Jane Hewitt working on her Alberta Rose . . .       Jacinthe Lavoie chose a Mariposa Lilly . . .



The view from the classroom . . .                              Yvonne Gaudet chose an Alberta Rose . . .   


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Waterton Wild Flower Festival - the best display of blossoms so far.

Posted by Michael Best on July 02, 2015 0 Comments

This was the twelfth and, by all accounts, the best Waterton Wild Flower Festival.  The weather was great, the animals did not disappoint (I saw ten bears, two foxes, two coyotes, deer and lots of birds) and, oh yes, the flowers were plentiful and spectacular.

Thanks to an early Alberta spring this year the hillside on the Russells' Hawk's Nest Ranch just outside the park from where we borrowed the in situ live specimens for the botanical art workshops, was awash in blossoms. In addition to an assortment of blue, yellow, red, and white indigenous flowers, there seemed to be a white Mariposa Lily every few inches. And an army of  Brown-eyed Susan's seemed to be keeping watch over everyone.

All of this did not escape the notice of authors Ian Wilson and Jacinthe Lavoie who are spending the summer in Waterton documenting the flowers, animals and scenery for their second book on Waterton. It should hit the shelves in February. Their first book on Waterton, Wild Flowers of Waterton Park, is still in heavy demand (scroll down to an earlier post for information on how to order it).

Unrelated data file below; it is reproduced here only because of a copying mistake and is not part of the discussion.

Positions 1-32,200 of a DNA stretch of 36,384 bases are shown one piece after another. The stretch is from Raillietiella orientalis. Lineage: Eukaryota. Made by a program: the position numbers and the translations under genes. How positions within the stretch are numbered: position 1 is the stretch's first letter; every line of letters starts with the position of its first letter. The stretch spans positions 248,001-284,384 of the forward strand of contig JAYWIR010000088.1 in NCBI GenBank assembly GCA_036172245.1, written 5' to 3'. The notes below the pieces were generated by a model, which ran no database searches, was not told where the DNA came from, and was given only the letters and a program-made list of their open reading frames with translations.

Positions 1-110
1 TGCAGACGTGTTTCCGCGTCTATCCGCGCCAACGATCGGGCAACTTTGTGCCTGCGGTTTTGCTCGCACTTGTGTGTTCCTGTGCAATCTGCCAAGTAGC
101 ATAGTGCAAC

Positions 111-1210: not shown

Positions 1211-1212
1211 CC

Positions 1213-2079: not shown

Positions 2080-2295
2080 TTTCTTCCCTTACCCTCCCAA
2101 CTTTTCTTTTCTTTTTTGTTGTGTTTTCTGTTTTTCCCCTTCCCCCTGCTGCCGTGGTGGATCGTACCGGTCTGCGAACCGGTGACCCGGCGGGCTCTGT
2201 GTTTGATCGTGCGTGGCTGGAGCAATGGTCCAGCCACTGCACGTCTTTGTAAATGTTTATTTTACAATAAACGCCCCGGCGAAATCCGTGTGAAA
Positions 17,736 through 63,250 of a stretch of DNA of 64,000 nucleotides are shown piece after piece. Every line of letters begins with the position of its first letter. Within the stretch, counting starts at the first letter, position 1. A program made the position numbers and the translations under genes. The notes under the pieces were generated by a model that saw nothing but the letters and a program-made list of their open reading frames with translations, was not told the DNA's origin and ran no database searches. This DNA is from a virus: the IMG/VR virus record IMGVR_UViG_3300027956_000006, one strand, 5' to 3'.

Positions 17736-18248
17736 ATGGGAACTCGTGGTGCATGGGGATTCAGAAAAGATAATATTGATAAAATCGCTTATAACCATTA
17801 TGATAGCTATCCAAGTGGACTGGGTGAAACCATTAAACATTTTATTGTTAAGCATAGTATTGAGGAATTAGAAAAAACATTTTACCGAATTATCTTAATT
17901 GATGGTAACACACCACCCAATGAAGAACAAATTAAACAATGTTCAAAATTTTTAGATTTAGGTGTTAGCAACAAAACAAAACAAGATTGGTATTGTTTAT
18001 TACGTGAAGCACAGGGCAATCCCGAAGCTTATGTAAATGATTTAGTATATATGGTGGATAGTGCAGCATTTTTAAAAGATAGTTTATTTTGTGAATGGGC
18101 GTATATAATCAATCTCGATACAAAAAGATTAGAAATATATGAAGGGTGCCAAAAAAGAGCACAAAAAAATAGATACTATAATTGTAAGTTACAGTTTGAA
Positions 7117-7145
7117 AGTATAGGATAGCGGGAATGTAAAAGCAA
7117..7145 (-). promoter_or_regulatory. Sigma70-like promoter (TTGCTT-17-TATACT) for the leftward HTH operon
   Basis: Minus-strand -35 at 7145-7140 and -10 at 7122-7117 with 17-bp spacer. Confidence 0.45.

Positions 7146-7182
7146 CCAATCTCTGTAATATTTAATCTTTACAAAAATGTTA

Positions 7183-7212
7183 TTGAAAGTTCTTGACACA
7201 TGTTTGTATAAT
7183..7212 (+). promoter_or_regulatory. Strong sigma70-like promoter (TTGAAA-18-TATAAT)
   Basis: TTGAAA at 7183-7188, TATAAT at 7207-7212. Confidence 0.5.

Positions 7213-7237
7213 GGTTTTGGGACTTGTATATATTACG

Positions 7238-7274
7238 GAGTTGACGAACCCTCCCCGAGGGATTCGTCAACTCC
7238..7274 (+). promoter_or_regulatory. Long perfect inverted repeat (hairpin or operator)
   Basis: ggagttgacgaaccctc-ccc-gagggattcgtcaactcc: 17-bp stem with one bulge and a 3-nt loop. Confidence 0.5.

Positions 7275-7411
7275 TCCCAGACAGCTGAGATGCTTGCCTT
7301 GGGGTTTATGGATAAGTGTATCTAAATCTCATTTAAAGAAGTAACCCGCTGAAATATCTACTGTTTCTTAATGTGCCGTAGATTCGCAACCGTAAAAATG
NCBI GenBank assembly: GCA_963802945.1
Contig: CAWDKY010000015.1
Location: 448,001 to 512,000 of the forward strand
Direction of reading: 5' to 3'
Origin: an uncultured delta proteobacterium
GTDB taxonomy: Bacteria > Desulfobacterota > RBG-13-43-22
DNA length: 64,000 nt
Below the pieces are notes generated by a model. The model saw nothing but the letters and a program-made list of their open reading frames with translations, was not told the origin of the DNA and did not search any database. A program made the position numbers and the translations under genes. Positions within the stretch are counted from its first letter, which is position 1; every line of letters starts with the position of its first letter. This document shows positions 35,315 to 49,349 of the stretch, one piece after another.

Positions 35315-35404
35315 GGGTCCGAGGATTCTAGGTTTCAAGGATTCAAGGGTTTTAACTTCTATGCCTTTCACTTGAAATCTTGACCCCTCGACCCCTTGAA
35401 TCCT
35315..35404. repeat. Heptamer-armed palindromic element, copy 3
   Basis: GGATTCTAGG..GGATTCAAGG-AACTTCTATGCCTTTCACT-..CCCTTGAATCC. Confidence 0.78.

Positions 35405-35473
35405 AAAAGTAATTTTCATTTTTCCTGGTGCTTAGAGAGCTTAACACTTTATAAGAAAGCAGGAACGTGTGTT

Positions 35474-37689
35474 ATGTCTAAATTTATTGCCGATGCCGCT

Ian Wilson's shot of Brown-eyed Susans taken during the festival . . .



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Sustainable specimen management.

Posted by Michael Best on July 01, 2015 0 Comments

One of the challenges facing botanical artists is management of live specimens located in the "wild". In an ideal world an artist would locate a live specimen, settle down and draw and paint it in situ. But we don't live in an ideal world, certainly not as far as live botanical art specimens go. In situ completion of a botanical art painting is seldom an option (hence the practice of journaling) because of weather, to name just one major consideration.

A picked specimen will often fade and die before the exacting task of capturing it on paper can be completed and working off a photograph is anathema to serious, traditional botanical artists. That leaves just one reasonable option - bring the live specimen somewhat in situ into the studio.  

Many plants can be carefully dug up keeping the ball of soil around bulbs and roots intact and placed in a suitably-sized plant pot. Properly maintained, they can live comfortably this way while the botanical artist conducts his or her slow, exacting craft. Proper maintenance includes keeping the potted plant in conditions as close to its natural conditions as possible. For one thing, putting it outside overnight and, for another, giving it a break in the sun during the day, particularly if it is a plant accustomed to substantial sunlight. And don't forget to water it.

Once the specimen is no longer required it may then be returned to its natural habitat; preferably the exact spot where it was found. If it cannot be the exact spot then finding an alternative where the plant can thrive would be the responsible thing to do. No plant should have to give its life for a painting.


                                                                   Sustainable specimen.